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Fifteen years ago the murder of Shaun Phillips shocked the state.

Now his traumatised father wants help to stop one of the killers getting parole.

Why is my son's killer partying?

Gary Phillips isn't angry. But he is disappointed and more than a little bit astonished.
The father of murdered schoolboy Shaun Phillips wants to know why the man who helped kill and then rape his seven-year-old son was allowed to be photographed with a fellow prisoner dressed in drag at Port Lincoln Prison.
The disgraceful image of a grinning Kevin Riley being groped by a drag queen not the fact a group of medium-security prisoners were allowed to dress up in women's clothing for a Christmas concert is what has upset him.
Still grieving over the loss of his beloved son 19 years ago, Mr Phillips simply can't believe prison manager Di Cooper let Riley "anywhere near" such activity let alone took part.
"This annoys me because the prison should have known this would get out," he said.
"It just brings this guy back into my head again. When they do stupid things like this, letting him mix with prisoners like this, it puts it straight back in your face again.
"This is a child murderer, for goodness sake."
Kevin Riley, 46, has served 19 years of a 23-year sentence for his part in the murder and sexual assault of Shaun in 1988.
His brother, Jim Riley, is serving a 28-year sentence at Mt Gambier Prison after pleading guilty to Shaun's murder and rape.
At their respective trials, the court heard Jim Riley abducted Shaun as he played on his tricycle in the driveway of his Cowandilla home. He was taken to a nearby flat and sexually assaulted by Jim Riley before being bashed and strangled. Kevin Riley raped Shaun after the boy died and the pair then dumped his body over a fence next to their flat.
Mr Phillips, who received a phone call from Correctional Services acting chief executive officer Greg Weir on Friday night apologising for any distress the Port Lincoln incident had caused him, simply shook his head when shown the photograph of Kevin Riley.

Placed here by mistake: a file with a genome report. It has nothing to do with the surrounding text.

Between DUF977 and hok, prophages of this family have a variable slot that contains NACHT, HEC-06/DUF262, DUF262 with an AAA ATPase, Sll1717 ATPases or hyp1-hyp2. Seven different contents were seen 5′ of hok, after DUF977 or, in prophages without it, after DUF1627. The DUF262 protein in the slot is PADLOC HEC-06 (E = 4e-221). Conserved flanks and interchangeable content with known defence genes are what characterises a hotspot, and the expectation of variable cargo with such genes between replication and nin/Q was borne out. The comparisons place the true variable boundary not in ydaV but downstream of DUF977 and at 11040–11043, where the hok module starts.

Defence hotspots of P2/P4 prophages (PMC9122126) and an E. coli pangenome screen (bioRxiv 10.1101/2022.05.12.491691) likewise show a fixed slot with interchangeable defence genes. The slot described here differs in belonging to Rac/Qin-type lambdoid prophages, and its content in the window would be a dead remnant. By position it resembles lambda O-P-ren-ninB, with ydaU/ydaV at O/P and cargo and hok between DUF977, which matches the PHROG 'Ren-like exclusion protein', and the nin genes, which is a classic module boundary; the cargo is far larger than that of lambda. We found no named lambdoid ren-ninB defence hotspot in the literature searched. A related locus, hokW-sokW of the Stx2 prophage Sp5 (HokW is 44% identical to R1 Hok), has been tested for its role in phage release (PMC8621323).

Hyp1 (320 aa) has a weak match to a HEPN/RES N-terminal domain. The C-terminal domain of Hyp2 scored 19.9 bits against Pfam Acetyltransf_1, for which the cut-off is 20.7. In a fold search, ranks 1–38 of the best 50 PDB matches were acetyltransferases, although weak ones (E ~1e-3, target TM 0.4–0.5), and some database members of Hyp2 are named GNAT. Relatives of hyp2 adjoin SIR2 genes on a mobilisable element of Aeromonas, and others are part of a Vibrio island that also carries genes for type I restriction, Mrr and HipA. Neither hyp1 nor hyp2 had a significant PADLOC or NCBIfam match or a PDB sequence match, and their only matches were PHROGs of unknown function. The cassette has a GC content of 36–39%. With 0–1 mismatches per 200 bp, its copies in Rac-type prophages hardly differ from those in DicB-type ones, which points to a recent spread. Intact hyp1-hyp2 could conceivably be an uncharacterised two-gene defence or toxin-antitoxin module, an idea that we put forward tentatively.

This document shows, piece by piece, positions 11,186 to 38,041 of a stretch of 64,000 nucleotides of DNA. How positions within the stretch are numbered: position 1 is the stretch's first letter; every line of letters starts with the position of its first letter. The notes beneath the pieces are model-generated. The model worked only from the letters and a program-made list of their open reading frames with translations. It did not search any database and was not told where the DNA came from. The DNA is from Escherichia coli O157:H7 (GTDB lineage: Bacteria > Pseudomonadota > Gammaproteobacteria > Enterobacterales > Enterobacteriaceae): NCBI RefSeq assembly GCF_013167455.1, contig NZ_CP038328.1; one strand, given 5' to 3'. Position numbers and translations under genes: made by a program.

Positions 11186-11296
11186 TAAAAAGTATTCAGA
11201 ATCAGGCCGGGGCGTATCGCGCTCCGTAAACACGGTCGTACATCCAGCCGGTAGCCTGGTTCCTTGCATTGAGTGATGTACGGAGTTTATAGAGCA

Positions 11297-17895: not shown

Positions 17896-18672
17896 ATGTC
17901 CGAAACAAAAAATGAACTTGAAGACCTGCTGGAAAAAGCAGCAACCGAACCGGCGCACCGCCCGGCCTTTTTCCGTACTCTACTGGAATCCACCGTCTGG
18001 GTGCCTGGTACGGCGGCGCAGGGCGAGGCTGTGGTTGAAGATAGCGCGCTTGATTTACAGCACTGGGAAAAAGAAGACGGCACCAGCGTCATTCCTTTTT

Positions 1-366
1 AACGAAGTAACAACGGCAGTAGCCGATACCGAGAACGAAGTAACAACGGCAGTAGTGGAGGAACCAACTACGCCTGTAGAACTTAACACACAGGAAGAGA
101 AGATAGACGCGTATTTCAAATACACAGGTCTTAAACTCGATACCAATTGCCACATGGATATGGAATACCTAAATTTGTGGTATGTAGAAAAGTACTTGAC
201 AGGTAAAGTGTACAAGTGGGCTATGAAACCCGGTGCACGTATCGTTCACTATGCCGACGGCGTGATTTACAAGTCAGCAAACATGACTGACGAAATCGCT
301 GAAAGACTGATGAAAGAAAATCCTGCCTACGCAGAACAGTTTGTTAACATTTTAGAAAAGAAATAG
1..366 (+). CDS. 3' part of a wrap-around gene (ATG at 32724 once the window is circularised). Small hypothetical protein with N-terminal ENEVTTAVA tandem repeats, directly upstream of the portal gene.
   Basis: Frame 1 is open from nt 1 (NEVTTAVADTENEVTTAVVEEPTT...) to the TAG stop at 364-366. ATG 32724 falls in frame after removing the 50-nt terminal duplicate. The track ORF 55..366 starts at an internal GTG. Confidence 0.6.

"I do not think this is a classic case study in rehabilitation," he said. "I hope he is not getting any day release from the prison. I would like to know if that is in fact the case and I think the local community would, too".
Mr Phillips said he believed it was "inappropriate" for Riley to be held at Port Lincoln, considering he was refused parole in 2003.
In rejecting his application, Parole Board chairwoman Frances Nelson, QC, said "it would not be in the public interest" to release Riley and he "represents a risk to the community in that the likelihood of him re-offending is high".
Mr Phillips said: "I was surprised to learn he was there and this reinforces my view."
He emphasised that he "had no problem" with such a concert being held at any prison.
"I don't hold a grudge against all prisoners. By all means, enjoy Christmas and have a dress-up show, but don't include the likes of Kevin Riley," he said.
"You can't do this and involve sex offenders, let alone child murderers.
"I hope none of the prisoners dressed as women in these pictures are rapists. What will their victims feel? It's a blunder, a real blunder".
Mr Phillips said it was "fairly clear" following several incidents in South Australian prisons recently the "line has blurred" between prisoners and their jailers.
"It must be a hard job, but they have to realise they are not mates, they have to be aware of that at all times," he said.

Sunday Mail (SA) (15-5-2007)

Murder Feels Like Only Seconds Ago

Kevin Riley at the scene of the murder in 1989
IT was 15 years ago that Shaun Phillips, 7, was murdered but it still feels like barely an instant ago for his father Gary.
News that one of his son's two killers, Kevin Kenneth Riley, had applied for parole after serving 15 years of a 23-year jail term, has rocked Mr Phillips' already fragile existence.
It's recalled for him the painful agony of 1988 when Shaun disappeared while riding his tricycle outside Mr Phillips' house on Burbridge Rd. Brooklyn Park, before his strangled and brutalised body was found two hours later only 500m away.
He recalls the agony of 1989, when he sat through the subsequent murder trial.